According to the website: “In the years to come, the split of listings on SEM is expected to overwhelmingly consist of international funds, international issuers, specialized debt instruments, Africa-focused Exchange-traded funds and other structured products. As SEM also aspires to emerge as a capital-raising platform for Africa-focused investments routed through the Global Business Sector, the SEM platform will growingly (sic) be used to channel investment flows from SA/Europe/Asia into Africa and from USA/Europe into Asia.” Mauritius combines good regulation with flexibility and has been a key base for funds including private equity funds investing into Africa and into India.
The bourse is aiming for a wide range and growing numbers of issuers, players and investors, increasing the breadth and depth of the Mauritius market and integrating the Mauritius financial services sector within the international financial system.
It made major changes to the Listing Rules (early 2010) to align them with the government’s Collective Investment Schemes Regulations 2008, positioning SEM as an attractive venue for listing Global and Specialised Funds, in line with the strategic shifts. The Listing Rules are more flexible to reflect the specific attributes and characteristics of the specialised funds to be listed. SEM aims to be platform of choice for listing a wide variety of funds such as Specialised Collective Investment Schemes, Professional Collective Schemes Export Funds, Global Schemes as part of diversifying product offerings and emerging as an international exchange. The management also commits to aggressive timing in processing listing applications and a competitive listing fee structure. In May 2011, SEM introduced Chapter 18 in the SEM’s Listing Rules, to cater for the listing of specialist companies and specialist debt instruments, targeted at qualified investors.
It is one of the African leaders in multi-currency trading and (since 2010) can trade and settle equity and debt products in Euro and GBP. From June 2011 it was the first exchange in Africa to list, trade and settle equity products in USD.
It supplies real time data through top global vendors such as Thompson Reuters, Financial Times and Bloomberg (since early 2010). The data coverage by global vendors is a powerful marketing medium to enhance SEM’s visibility internationally and put the exchange on the radar screen of a wider spectrum of international investors, thus attracting more foreign investor interest on our market. Mauritius is one of the few African exchanges to be connected to Bloomberg and Thompson Reuters real-time. Growing interest from international investors has prompted index and data providers including Standard & Poors, Morgan Stanley, Dow Jones and FTSE to include SEM in new indexes recently launched to track the evolution of key frontier emerging markets.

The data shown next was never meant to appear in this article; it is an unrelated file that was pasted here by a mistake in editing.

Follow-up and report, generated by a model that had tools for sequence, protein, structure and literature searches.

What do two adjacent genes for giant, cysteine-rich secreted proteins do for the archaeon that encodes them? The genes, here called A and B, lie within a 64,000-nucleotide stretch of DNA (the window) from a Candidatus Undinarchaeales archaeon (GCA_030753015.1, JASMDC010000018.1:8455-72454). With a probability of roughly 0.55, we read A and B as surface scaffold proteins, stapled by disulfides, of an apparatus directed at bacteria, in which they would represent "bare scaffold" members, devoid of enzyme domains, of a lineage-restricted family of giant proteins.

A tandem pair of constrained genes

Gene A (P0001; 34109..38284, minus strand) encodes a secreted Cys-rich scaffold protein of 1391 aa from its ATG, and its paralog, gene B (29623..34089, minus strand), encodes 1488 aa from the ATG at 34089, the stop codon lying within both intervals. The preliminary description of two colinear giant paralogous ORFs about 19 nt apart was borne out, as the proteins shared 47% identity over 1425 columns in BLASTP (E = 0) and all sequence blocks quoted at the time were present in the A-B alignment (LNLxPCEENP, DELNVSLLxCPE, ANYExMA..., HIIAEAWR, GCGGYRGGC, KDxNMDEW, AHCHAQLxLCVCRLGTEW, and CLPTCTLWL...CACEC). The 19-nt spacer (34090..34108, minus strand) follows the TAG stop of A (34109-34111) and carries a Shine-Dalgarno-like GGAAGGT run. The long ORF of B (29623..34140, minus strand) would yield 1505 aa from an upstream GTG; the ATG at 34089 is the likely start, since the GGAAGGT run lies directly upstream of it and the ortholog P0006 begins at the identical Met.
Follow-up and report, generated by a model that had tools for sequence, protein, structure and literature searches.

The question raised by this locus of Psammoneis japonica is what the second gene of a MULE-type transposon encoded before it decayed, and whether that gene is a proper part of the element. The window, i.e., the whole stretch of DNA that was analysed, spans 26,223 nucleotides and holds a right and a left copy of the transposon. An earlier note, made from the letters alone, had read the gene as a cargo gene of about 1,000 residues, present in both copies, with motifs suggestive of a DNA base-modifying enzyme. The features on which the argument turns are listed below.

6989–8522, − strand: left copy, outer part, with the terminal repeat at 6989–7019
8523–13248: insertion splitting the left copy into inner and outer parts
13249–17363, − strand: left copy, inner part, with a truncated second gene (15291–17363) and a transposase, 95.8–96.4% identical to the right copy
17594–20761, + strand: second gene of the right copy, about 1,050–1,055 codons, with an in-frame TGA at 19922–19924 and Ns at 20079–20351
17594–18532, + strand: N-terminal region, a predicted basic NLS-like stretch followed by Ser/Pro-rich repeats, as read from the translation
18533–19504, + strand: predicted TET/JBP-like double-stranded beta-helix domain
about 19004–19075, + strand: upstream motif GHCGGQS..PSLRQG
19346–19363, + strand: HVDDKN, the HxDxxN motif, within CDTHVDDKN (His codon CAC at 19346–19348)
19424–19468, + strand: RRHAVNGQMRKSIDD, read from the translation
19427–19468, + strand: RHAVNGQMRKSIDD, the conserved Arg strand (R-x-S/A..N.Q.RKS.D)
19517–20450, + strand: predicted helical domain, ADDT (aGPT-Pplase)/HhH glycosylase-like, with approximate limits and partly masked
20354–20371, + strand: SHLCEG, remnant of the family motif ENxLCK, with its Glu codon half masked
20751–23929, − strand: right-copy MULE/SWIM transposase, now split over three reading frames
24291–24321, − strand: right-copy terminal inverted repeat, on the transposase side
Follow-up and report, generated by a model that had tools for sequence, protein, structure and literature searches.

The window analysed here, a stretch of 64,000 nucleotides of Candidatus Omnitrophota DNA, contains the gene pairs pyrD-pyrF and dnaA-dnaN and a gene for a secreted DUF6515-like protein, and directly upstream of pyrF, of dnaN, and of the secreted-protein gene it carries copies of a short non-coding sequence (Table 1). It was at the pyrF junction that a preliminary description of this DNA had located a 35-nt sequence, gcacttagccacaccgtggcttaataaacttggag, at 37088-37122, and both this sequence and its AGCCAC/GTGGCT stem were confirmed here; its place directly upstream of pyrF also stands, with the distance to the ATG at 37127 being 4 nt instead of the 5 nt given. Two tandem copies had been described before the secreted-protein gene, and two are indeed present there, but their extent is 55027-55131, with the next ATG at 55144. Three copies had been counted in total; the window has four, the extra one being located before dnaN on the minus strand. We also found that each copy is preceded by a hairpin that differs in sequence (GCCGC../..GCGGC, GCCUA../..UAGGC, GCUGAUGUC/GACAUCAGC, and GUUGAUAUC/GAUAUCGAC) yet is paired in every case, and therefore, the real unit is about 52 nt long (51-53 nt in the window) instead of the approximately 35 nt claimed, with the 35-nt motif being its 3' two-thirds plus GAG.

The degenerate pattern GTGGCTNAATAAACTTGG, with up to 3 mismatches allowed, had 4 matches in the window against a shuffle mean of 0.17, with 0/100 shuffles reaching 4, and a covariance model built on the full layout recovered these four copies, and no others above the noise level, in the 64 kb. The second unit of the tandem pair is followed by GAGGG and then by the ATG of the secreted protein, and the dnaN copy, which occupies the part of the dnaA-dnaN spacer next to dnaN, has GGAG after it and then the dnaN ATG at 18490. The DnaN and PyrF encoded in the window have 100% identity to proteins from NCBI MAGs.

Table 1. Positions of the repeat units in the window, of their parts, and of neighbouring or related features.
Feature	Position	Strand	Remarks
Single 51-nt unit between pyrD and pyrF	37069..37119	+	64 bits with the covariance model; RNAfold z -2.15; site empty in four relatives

Over the last 10 years, the Mauritius Bourse has attracted strong foreign investor interest, generating positive investment inflows into many listed companies. 2010 was a record year for net foreign investment inflows. “For 2011, we are already stepping up our efforts via international conferences and roadshows, to place the SEM on the radar screen of institutional investors who are keen on frontier emerging markets that are well regulated and adhere to international best practice”, says the website.
SEM also has ambitions to contribute more broadly to the development of the Mauritian economy and to help grow capital market activities nationally and throughout Africa.
Highlights of recent history
SEM became a full member of the World Federation of Exchanges (WFE – www.world-exchanges.org) in November 2005. This is a high standard and shows that SEM is in the top rank in terms of stringent standards and market principles required to be accepted to this status by the WFE, which sets the standards for registered securities markets worldwide. The standards are recognized by industry, regulators and supervisorss. The WFE membership helps ensure that foreign investors play a growing role – “in a typical year, foreign investments represent 25–35% of trading activities on our market” according to the website.
The Development & Enterprise Market (DEM) was set up in 2006 This is the market for small and medium-sized enterprises (SME’s) and newly set-up companies with sound business plans and showing growth potential. Companies can use the advantages and facilities of an organised and regulated market to raise capital for growth, to improve liquidity in their shares, to obtain an objective market valuation and to enhance their corporate image.
Since March 2010, the SEM was designated by the Cayman Islands Monetary Authority (CIMA) as an “Approved Stock Exchange” by virtue of its membership of the WFE for the purposes of CIMA’s Mutual Funds Law, Banks and Trust Companies Law, Insurance Law, Companies Management Law and Securities Investment Business Law. This raises SEM’s profile as a well-structured and properly regulated exchange and enhances SEM’s position as an attractive listing venue for global and specialised funds.
From 31 January 2011, SEM has been designated by the United Kingdom tax authorities, Her Majesty’s Revenue and Customs (HMRC), as a “recognised Stock Exchange” under section 1005 (1) (b) Income Tax Act 2007. This means that securities admitted to trading and listed on the Official Market of the SEM will meet the HMRC interpretation of “listed” as set out in section 1005 (3) (a) and (3) (b) Income Tax Act 2007 and for Inheritance Tax purposes. This designation confers potential benefits such as permitting UK pension schemes to hold securities listed on the Official Market of SEM, giving companies and funds listed on SEM access to a larger market of sophisticated, well-capitalised investors. The designation reinforces SEM’s attractiveness as a listing venue for global funds and specialized products. Securities listed on the Official Market of the SEM may be held in tax advantaged Individual Savings Accounts (ISAs) and Personal Equity Plans (PEPs) by UK investors. Holders of debt securities satisfying the Eurobond exemption and listed on the Official Market of the SEM are exempted from withholding tax on distributions underlying these debt securities. Inheritance tax advantages may accrue to UK holders of securities listed on the Official Market of the SEM.